Actually, as far as I'm concerned, this is NOT the greatest show on earth. For me, Canada's Cirque du Soleil is, which is kinda a circus without animals. But the acrobatic parts of this circus remind me of that and why children of all ages are in awe. How people can make their bodies do those incredible feats is beyond me.

Still, it's the animals that make the circus the circus, even though I always wonder if they're having as much fun as we are! It's like I need a disclaimer somewhere that says no animals were hurt or harmed in any way during this production. Surely not!

After the show, we asked Nicholas what his favorite thing was. He immediately said his sword (the toy he chose--you need to understand that Donica is the "sugar g'ma!"). But when we clarified what we meant, he said, "The people on the trapeze." Well, guess what! Of everything I took pictures of, there was not a single photo of THEM! I must have been too mesmerized to even think about it. However, this wee tightrope act near us was at least a step in the right direction. (Okay, close but no cigar.)

Speaking of Cirque du Soleil, Donica just bought us tickets for their "Delirium" show here in Atlanta in April. I can hardly wait till Nicholas is old enough for that. Maybe sooner than we think!?! But for now, here's my circus album of a wonderful evening with RB and B&B. The last two photos are of two tired babies (Nicholas and moi) after a great night of awe.

Thursday, February 16, 2006

This Bud's for YOU

Mind you, it was just over a week ago that I de-frocked our two Christmas trees (don't laugh--I made it before my Valentine's Day deadline). And it was just this past Sunday when the East Coast was deluged with snow and Atlanta was in the low 30's with light, lazy snow falling all day (but not sticking).

On Monday, the very next day, I went to Nicholas' Sweetheart Valentine's Luncheon (still in the low 30's) and did a complete about-face when I saw this tree near the school. I actually got out of the car to take pictures. Was I blind? This was the first above-ground sight of Spring I had seen since coming back home from Hannover at the beginning of February.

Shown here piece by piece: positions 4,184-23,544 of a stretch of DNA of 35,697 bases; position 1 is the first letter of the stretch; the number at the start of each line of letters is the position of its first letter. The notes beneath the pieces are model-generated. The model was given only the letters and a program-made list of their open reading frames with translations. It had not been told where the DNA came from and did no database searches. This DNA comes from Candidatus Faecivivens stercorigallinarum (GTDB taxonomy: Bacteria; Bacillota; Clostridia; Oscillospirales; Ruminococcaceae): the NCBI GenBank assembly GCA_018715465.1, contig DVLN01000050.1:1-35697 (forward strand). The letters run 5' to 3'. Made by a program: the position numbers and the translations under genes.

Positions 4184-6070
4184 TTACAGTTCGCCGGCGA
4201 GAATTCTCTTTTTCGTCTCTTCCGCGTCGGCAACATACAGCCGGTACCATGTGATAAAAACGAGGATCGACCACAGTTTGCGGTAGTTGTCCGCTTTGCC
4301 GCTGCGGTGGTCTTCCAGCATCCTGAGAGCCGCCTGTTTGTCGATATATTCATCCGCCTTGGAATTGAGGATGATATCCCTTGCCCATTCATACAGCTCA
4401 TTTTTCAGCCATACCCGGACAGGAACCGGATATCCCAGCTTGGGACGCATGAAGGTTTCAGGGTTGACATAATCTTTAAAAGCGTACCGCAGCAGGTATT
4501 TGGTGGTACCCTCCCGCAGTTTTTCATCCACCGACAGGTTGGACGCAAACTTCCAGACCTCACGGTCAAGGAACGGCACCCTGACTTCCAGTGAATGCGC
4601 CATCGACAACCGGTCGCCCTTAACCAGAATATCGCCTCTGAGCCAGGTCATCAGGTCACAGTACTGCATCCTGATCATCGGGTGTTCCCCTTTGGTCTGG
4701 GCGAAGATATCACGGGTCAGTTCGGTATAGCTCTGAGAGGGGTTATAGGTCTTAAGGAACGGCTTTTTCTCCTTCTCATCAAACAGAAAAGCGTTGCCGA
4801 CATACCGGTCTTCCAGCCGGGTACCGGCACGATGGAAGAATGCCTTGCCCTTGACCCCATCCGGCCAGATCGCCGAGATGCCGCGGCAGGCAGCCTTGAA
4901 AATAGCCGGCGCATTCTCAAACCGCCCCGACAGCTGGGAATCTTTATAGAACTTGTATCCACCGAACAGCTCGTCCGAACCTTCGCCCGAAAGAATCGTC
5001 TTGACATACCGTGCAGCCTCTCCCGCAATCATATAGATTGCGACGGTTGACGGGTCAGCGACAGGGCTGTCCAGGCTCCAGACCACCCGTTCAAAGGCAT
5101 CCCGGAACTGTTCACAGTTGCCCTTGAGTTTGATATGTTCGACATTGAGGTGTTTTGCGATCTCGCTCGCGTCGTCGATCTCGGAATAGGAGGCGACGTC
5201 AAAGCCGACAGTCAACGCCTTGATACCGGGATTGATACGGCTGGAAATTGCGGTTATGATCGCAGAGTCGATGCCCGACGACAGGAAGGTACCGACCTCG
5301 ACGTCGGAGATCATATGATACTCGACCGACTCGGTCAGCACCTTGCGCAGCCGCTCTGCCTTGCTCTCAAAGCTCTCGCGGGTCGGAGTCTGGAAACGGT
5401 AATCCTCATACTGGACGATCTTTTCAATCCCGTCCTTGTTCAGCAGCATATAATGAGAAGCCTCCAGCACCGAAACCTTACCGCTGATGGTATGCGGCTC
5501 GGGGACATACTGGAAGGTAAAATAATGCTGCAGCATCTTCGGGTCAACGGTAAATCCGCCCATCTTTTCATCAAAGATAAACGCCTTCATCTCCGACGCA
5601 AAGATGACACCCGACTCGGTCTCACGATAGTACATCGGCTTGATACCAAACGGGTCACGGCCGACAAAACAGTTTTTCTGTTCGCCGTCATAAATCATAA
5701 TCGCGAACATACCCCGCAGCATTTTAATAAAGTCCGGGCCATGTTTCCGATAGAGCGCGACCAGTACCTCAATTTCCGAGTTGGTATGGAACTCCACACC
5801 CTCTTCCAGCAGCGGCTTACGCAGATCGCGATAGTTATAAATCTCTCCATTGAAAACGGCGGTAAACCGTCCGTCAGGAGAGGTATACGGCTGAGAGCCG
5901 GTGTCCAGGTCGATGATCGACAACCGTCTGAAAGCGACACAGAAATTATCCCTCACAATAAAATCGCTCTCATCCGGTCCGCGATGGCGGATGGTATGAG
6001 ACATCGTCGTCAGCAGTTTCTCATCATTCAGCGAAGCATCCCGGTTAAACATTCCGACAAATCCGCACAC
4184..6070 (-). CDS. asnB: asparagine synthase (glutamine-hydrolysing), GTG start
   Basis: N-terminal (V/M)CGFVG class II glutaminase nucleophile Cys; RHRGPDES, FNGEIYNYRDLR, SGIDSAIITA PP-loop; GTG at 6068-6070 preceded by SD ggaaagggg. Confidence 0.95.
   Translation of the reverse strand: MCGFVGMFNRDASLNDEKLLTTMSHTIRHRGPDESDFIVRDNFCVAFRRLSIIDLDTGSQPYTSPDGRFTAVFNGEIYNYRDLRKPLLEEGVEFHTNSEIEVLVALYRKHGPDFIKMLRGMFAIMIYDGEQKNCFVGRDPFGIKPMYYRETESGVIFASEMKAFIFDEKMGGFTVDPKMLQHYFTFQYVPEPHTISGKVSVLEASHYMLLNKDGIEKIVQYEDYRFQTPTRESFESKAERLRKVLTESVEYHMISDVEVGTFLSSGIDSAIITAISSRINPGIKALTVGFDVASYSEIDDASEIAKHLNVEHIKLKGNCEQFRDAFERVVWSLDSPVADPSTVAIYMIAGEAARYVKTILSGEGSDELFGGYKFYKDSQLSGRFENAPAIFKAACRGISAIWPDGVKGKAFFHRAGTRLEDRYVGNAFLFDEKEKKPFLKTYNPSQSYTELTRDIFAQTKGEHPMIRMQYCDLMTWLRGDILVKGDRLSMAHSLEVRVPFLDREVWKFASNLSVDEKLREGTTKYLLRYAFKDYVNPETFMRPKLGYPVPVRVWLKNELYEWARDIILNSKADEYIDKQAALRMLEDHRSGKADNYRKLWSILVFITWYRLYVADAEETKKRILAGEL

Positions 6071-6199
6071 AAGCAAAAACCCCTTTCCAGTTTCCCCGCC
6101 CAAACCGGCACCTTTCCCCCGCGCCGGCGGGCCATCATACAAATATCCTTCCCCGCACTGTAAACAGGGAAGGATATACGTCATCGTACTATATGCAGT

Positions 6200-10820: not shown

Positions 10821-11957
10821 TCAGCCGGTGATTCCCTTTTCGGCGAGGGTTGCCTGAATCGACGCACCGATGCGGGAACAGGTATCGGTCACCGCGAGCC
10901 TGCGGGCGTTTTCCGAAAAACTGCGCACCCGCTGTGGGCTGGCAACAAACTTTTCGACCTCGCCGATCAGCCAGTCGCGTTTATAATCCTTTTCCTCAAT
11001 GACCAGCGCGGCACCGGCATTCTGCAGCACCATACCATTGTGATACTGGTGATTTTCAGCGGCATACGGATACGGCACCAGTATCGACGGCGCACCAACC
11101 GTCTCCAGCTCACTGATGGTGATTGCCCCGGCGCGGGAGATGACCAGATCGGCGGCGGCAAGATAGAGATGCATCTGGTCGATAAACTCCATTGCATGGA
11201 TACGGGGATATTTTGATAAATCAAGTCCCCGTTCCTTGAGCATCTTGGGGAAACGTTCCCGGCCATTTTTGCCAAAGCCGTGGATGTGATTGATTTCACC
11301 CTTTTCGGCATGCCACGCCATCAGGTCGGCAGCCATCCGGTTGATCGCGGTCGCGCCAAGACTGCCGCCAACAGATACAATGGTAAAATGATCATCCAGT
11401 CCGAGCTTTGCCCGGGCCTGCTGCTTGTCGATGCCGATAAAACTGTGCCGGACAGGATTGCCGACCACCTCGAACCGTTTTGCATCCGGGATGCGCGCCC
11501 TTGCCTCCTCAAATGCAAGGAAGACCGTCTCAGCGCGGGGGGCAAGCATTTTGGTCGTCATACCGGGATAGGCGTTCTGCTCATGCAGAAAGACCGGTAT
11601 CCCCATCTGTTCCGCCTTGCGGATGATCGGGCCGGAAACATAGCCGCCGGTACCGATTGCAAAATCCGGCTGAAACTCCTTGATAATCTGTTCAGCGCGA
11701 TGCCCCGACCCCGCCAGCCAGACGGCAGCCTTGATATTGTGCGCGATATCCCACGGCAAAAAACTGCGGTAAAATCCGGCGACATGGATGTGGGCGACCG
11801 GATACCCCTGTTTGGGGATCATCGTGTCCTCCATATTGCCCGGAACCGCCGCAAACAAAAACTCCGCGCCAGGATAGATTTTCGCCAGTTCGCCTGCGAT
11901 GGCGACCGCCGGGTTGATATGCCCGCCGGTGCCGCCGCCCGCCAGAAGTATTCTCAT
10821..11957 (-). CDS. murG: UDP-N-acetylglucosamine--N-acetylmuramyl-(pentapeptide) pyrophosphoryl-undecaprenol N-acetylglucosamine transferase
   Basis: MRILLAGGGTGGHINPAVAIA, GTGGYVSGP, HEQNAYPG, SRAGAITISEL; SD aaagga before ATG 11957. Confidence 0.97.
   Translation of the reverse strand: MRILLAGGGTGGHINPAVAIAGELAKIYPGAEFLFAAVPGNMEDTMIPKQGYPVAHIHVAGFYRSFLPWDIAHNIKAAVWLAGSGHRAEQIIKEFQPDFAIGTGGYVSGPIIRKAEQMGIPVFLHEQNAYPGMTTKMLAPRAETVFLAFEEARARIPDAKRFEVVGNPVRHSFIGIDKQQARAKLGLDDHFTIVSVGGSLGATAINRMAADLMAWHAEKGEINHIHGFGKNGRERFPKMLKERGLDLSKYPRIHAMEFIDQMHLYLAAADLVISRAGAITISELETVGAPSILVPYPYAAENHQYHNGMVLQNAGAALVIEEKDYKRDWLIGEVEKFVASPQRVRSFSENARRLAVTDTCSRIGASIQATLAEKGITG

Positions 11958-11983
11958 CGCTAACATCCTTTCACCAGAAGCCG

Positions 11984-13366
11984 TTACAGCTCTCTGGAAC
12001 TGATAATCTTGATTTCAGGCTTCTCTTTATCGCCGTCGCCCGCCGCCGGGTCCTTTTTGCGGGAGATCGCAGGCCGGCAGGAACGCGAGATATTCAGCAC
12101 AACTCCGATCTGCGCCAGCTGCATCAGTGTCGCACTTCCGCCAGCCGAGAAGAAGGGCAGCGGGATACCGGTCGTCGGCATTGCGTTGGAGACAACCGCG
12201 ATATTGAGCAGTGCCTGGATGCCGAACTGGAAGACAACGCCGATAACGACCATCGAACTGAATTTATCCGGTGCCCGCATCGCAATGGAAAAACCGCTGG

I say above-ground because we had already seen the early Spring flowers starting to bare their shoots. Yesterday I took a walk and saw these daffodils.

On the same walk, I saw this kite stuck in the tree. Surely it wasn't left over from last year, so someone has definitely had Spring on their mind. And it's not even March!

And just feet away, a new house is being built. A sure sign of Spring around here. Temps are now up in the 50's-60's (no wonder we get sick!), which will make the trees and flowers and birds and bees think it's time to do their thing.

So for everyone still in the wintry blues and while the Olympics continue, this Bud's for YOU (on its last leg, I see)! I'll drink my Amstel Light to that!

Wednesday, February 15, 2006

For V-Day Bah-Humbuggers Everywhere

Yesterday as I read through all the blogs about Valentine's Day, my heart was broken. Actually, I didn't need to read your posts to know there are broken hearts everywhere, more raw and bleeding on February 14th than perhaps any other day. All it takes is one sad, lonely heart to dispel, as it were, the happiness of the rest of us. Especially if that anguished heart is your daughter's. She who has been a single mom for 4 years now after 5 years of marriage. She who is lonely, longing for relationship again. She who dreaded seeing the roses and chocolates arriving for everyone else but her.

So this is her story. This is her raw and bleeding heart "salved" on V-Day by an unexpected act of unconditional love and kindness.